That said, the editor itself is a truly exciting prospect, isn’t it? I remember that the Dink Smallwood (Gods, that name, that name) editor allowed for myriad sorts of games, and people went crazy-go-nuts with it. There was Dinkanoid, a ball-breaking game (GAH!) in the Dink Smallwood engine (this is so awkward to type), and there were some other brilliant mods which far exceeded the original game.

    It’s the same as Oblivion, innit? And unexpanded Morrowind. The writing in Oblivion and Morrowind (except Morrowind’s expansions, which were admittedly rather good) was piss poor, most of the time, so it got really dull fast. Yet there were mods which added brilliant quests, amazing quests. Like The Wolf of Lokken Mountain, and Ruined-Tail’s Tale. Those were nothing short of groundbreaking feats of in-game storytelling, mods like that made those games worth owning.

    As it is, I see nothing in Starcraft II that would appeal to me. It’s focused around humans (yawn), and it’s a type of RTS I suck at, I have an interest level that exists below zero, some kind of anti-interest. But this? This is interesting. This is a Universe of attention.

    Consider my attention gained. Well played, Blizzard. Well played.

    • Wulf says:

      Note: If you haven’t played The Wolf of Lokken Mountain or Ruined Tail’s Tale, you owe it to yourself to. They’re the Wesley mods of a slightly more modern era.

    • pipman300 says:

      the only thing i remember now about dink smallwood is the mod where you played an orc and one mod about an abandoned zombie filled island that somehow had a secret functional brothel hidden behind rocks in a cave you needed some secret item to get past.

      those were the days. being 12 years old and being amazed and excited that a game mod had titties in it.

    • pipman300 says:

      oh and trying to put the moves on your aunt and my failed attempts to kill her abusive husband. i fire balled the guy and he still punched my face off. oh and returning a womans lost duck then punching its head off in front of her.

    • Wulf says:

      @pip

      That is the other side of modding, and an inevitable, invariable truth: If it can be modded, in any way, shape, or form, it’s going to have nude and popular-culture mods.

    • alseT says:

      Wulf I would direct you to watch some of Day[9]’s videos to get a feel for the game and how “tactical” and “strategic” it gets. This micromanagement that you talk of only makes a difference at extremely high levels of play that 90% of players don’t get to. What does make a difference at medium levels is having a good start, a smooth economy and the production to consume all those resources.

      You need to remember to queue units, buildings, expansions and simply outproduce your opponent. It’s more a game of memory and discipline rather than a game of fast clicking. Then after you have got down all of this and are comfortable with the game mechanics and what counters what you begin to realize when to build and when to manage your army. Because controlling your army all the time instead of producing units will net you so many losses.

      And during all this time you APM steadily rises as you get better at remembering to do everything like scouting, harassing and everything that makes Starcraft fun. Now you will probably need to get better at controlling small groups of units that get damaged and moving them to the back, while the rest of the army still fights, doing drops at the back of the opponent’s base while feigning an attack elsewhere and using unit abilities smartly.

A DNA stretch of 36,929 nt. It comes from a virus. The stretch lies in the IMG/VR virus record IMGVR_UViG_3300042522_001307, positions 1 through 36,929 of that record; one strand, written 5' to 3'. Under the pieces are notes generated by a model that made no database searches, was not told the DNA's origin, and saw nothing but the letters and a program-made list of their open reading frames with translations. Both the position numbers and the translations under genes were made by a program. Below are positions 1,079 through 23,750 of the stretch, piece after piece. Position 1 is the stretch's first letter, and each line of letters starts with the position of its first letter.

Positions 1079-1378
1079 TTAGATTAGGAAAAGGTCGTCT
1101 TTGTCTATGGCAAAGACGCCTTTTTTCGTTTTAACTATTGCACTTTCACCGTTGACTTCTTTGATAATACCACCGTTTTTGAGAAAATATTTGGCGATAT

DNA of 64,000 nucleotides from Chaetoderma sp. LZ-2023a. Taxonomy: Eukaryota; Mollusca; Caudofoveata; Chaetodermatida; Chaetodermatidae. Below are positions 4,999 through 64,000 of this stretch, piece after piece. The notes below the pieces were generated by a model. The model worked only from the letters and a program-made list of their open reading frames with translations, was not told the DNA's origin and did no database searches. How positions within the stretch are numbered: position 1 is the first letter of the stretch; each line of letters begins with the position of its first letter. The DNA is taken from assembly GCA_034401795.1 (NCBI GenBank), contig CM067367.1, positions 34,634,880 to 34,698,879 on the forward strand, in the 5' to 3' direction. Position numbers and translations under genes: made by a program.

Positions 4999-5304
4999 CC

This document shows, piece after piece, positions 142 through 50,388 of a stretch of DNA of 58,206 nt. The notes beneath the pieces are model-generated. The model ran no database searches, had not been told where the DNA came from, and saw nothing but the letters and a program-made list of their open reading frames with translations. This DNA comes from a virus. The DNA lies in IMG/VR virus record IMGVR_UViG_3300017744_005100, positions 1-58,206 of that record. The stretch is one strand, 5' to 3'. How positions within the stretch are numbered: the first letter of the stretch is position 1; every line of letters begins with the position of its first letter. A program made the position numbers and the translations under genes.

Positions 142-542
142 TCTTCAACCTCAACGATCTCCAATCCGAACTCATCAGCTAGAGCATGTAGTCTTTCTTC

Starcraft is more tactical than DoW2 could ever hope to become.

    • alseT says:

      Excuse my bad grammar.

    • JeCa says:

      Huh, that’s interesting. Myself, I can’t play DoW II because that’s too heavy on micro-management :P

      I don’t know really why SCII carries such a stigma of being inaccessible to people without incredible micro management skills. Probably because that was true in SC1, but that might be the one significant change with this game. I played the Beta somewhere between the upper Gold and lower Platinum leagues (meaning I did a bit better than the average player) and would still say my micro skills are quite horrible. My apm averages out to 60-70 for any given game and in battles I mostly just select all units and attack-move, then controlling one-two casters that are separated from the main force.

      Instead what the game is about to me is scouting and anticipating the opponent, getting the right unit compositions to counter what you expect them to do, timing your pushes and balancing your economy. That is to say, tactics and strategy. In games like CoH and DoW II however I’m completely useless as I fail at microing as soon as I reach above 3 squads. It’s incredibly difficult for me to keep track of all control points and swapping between all my different strike forces spread out over the entire map, using all their abilities appropriately. So I wonder a bit about where our definitions of “Micromanagement” differs ;).

      Of course, if you still don’t like the game you are entitled to. I’m just saying that maybe you should try re-evaluating your ideas about the game, go watch some youtube commentaries (Day[9] and HDStarcraft are pretty good) and maybe even give it another try. Who knows, you might even enjoy it. :)

    • Heliocentric says:

      @alseT No need, your grammar is a fancy lady.

    • alseT says: